Thanks so much for your suggestions! I also got some by mail. I'll post a list, ordered by the most frequently appearing names, in a day or so.
Deb Scott asked what got me interested in this period. Well, for one thing, it's the only one left, the only one I don't know much about. I left it for last, when I undertook to read western literature, for three reasons: 1) it was last, chronologically, and I like to do things in order, and get people's allusions, 2) these were my rivals, and I didn't want my creativity soiled by contact with them, and 3) I didn't like them much.
I've been reading the western classics for nearly forty years, now. (Oh, you know? There's another reason I put it off. This is the period when “western” really breaks down. A 20th Century or contemporary poet could have been reading virtually anything from anyplace in any language. There's no way you can “master the sources.” The rules of the game change, here.) -- anyway, I've been reading for forty years, and it's been feeling very queer to me, not to have a couple books that are part of a reading project in my pack. So partly I'm driven to this by force of habit.
It's been decades since I took either the idea of literary success or the idea that purity was good for creativity seriously. Dead hands, there.
It's reason number 3) that really been changing, though. I've been softening towards modern poetry for several years. Dave Bonta started it. Then other blogger-friends who dropped inexplicably into verse from time to time: Rachel Barenblat and Dick Jones. I read their poems at first as I used to read essays students submitted to me, deliberately and conscientiously. They read my stuff, after all, however bad: I would read theirs, even if it was in unrhymed and unmetrical verse.
Who knows when it changed, when it first happened that I opened Velveteen Rabbi, saw a narrow column and ragged right margin, and thought “oh, a poem!” with pleasure, instead of disappointment? But it did change. I marched through Dave Bonta's epic Cibola with increasing fascination in the metrics of modern poems. He insisted he paid no conscious attention to it, but he did things with it nevertheless. And Dick Jones turned out to write perfectly metrical verse, by classic standards, quite often. I began to feel, not that I was superior to modern poetry, but that I had missed a boat.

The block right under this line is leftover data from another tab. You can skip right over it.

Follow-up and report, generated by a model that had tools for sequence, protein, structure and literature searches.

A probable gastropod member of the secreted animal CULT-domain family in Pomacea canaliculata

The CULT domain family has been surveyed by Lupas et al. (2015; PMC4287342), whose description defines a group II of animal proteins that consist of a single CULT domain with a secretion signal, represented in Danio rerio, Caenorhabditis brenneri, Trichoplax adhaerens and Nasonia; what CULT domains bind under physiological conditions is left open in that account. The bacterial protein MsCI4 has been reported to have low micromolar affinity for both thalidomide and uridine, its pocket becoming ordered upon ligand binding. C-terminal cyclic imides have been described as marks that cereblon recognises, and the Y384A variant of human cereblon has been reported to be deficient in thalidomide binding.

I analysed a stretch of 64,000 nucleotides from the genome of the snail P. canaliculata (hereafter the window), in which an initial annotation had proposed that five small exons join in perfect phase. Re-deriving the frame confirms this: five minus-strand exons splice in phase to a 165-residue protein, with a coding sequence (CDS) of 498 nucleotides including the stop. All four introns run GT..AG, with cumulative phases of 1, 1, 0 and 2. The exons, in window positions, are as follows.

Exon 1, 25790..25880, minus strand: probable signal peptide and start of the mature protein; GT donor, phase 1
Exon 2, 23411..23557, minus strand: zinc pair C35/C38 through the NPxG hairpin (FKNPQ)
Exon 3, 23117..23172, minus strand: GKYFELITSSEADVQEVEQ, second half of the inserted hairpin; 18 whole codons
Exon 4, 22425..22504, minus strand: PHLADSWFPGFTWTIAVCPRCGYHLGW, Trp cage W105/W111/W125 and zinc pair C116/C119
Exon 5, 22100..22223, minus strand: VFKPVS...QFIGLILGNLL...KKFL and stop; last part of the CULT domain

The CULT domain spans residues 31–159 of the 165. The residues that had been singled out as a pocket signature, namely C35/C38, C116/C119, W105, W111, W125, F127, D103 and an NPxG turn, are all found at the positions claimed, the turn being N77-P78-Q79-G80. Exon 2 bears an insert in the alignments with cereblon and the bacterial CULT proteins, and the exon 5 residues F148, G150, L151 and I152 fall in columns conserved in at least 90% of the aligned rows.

And then of course I started writing the stuff myself. I've never been a passive reader. Whenever I read, I start itching to see what I can do with the same sort of thing. I fully expected my readers to give up on me, or at least to ignore my poems and stick to the good stuff. To my astonishment, they read them and responded to them. This wasn't just a game, it was a form of communication. You could write poems that people you cared about would actually read.
At that point I was hooked. I started reading blogs that were only, or primarily, poetry: Jo Hemmant (who alas, has not been blogging lately! but who edits the Ouroborus Review and runs Pindrop Press), Carolee Sherwood, Sage Cohen, and others. Whole worlds of poetry were opening up. And so now, even though I don't think “canonical” really applies to modern poetry – I've written before and will probably write again about this: I think that English Literature is mature, its canon is essentially full, and that demographics and technology have made writing poetry in English an entirely different undertaking – even so, I want to read the poets who stirred up the poets that I have been reading. That's my reading project now.
I like some of my poetry. I think that my best writing is still mostly prose, mostly the riffing, wandering journal entries like “A Glaring Spot,” below. But I'm not sure that my poems and my journaling won't converge, at some point. And anyway, I'm having fun.